Frank Henderson's Page on Liturgy and Medieval Women

Personal Information

Frank & Ruth Henderson

J. Frank Henderson

Last Updated: 16 July 1999

I was born on July 15, 1933, in Miami, Arizona, to Evelyn and Frank Henderson, and was married on December 28, 1961, in Washington, D.C., to Ruth McClintock. I have one brother.

Elementary school education was received in Miami, Morenci and Phoenix, Arizona; in Pasadena and Newport Beach, California; in Portland, Oregon; and in Fairbanks, Alaska. I began high school in Newport Beach, but did most of it in Phoenix.

At the University of Arizona I received a B.S. in chemistry in 1954 and a M.S. in biochemistry in 1956. I received my Ph.D. in oncology from the University of Wisconsin (Madison) in 1959, with a dissertation entitled "Characteristics of the Nutrition of Ascites Tumor Cells."

I have been fortunate enough to have three careers; in biochemistry and cancer research, in liturgy, and in medieval studies.

Biochemistry and Cancer Research

After working two years at Stanford Research Institute in Menlo Park, California, and serving three years as Assistant Professor of Pharmacology at George Washington University Medical School in Washington, D.C., I moved in 1963 to the University of Alberta in Edmonton, Alberta, Canada. There I was Associate Professor and Professor of Biochemistry and member of the Cancer Research unit until I took early retirement in 1989.

My research concerned the metabolism, mechanisms of action and mechanisms of resistance of anticancer drugs, especially purine antimetabolites; human inherited diseases of purine metabolism; and the comparative biochemistry of purines. This work led to the publication of more than 200 articles, literature reviews and abstracts, as well as the following books:

Regulation of Purine Biosynthesis
Washington DC: American Chemical Society (1972)

Cell ATP
Nucleotide Metabolism: An Introduction
by J. Frank Henderson and A. R. P. Paterson
New York: Academic Press (1973)
by William A. Bridger and J. Frank Henderson
New York: John Wiley & Sons (1983)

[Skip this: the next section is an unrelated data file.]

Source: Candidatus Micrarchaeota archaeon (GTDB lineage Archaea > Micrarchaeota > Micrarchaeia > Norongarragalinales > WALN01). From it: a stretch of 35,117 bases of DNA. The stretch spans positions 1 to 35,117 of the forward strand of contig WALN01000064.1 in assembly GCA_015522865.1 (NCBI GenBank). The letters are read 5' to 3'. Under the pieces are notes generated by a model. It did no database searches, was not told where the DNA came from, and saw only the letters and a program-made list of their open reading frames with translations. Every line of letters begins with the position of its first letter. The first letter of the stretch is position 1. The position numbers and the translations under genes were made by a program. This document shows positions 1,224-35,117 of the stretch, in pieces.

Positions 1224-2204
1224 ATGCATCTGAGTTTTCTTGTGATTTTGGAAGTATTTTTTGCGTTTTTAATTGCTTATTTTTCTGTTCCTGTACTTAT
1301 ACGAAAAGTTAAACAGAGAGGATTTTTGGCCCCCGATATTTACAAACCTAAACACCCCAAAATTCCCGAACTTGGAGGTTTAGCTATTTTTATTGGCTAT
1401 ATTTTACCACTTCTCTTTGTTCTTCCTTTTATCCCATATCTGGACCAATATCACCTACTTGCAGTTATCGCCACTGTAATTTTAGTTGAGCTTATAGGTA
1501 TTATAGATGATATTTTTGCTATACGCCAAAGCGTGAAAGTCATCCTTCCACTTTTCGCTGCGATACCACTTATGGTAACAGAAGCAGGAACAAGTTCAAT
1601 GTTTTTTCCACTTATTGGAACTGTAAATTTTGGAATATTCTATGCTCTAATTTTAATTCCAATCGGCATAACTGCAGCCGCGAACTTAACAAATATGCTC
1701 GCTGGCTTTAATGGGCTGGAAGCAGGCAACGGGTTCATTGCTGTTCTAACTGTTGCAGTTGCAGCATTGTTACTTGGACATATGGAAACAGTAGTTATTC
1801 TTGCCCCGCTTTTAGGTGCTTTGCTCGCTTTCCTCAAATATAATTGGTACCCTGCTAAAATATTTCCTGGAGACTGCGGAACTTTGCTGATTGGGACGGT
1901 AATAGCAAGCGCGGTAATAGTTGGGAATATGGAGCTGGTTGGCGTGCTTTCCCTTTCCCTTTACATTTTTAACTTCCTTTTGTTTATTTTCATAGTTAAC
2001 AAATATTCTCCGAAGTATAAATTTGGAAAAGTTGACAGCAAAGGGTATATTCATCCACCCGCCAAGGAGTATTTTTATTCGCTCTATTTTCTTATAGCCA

In 1966 I received the Ayerst Award of the Canadian Biochemical Society, and in 1969 I was a co-recipient with W. N. Kelley, M. L. Greene, F. M. Rosenbloom and J. E. Seegmiller of an outstanding research award of the International Federation of Rheumatic Diseases.


A member of the North American Academy of Liturgy, the Canadian Liturgical Society, and Societas Liturgica, I now serve as editor of the Proceedings of the North American Academy of Liturgy.

I have served on the Liturgy Commission of the Roman Catholic Archdiocese of Edmonton, the National Council for Liturgy (Canada), the International Commission on English in the Liturgy (Advisory Committee, Subcommittee on Discriminatory Language, Subcommittee on Translations and Revisions), the Consultation on Common Texts, and the Board of Directors of the Liturgical Conference. I served as editor of the National Bulletin on Liturgy, a publication of the Canadian Conference of Catholic Bishops, for nine years.

I have taught a variety of courses in liturgy at Newman Theological College (Edmonton), St. Stephen's College (Edmonton) and St. Paul University (Ottawa), as well as various workshops and lectures. I continue to teach some summer courses.

Publications and research interests are provided elsewhere on this site.

In 1996 St. Stephen's College in Edmonton awarded me the degree of Doctor of Divinity (honoris causa) and in 1997 I received the Berakah Award of the North American Academy of Liturgy.

I am committed to the principle of full participation - hence full inclusion - of all in the liturgy and life of the church.

Medieval StudiesMedieval Studies

My career in medieval studies has been relatively short, spent mostly in libraries and with graduate students, and has given rise so far to only one publication. At the Medieval Studies Congress in Kalamazoo, Michigan, I have given several presentations, listed elsewhere.

A member of the American Benedictine Academy and the Canadian Society of Medievalists, I also serve on the editorial board of Magistra: A Journal of Women's Spirituality in History.

As a member of a small network of persons interested in Feminine Versions of the Rule of St. Benedict, I am collaborating in the continued study of these texts and in the production of modern English translations.

Women and Worship in the Middle AgesAnother project, for which I have been gathering material since 1987, is "Women and Worship in the Middle Ages."

Other Interests Other Interests

In addition to the interests already described, I appreciate classical music, enjoy exploring the Canadian Rockies, and gather several types of art. Two types of art from my own collection are exhibited here, pysanki or Ukrainian painted eggs, and Navajo weavings.

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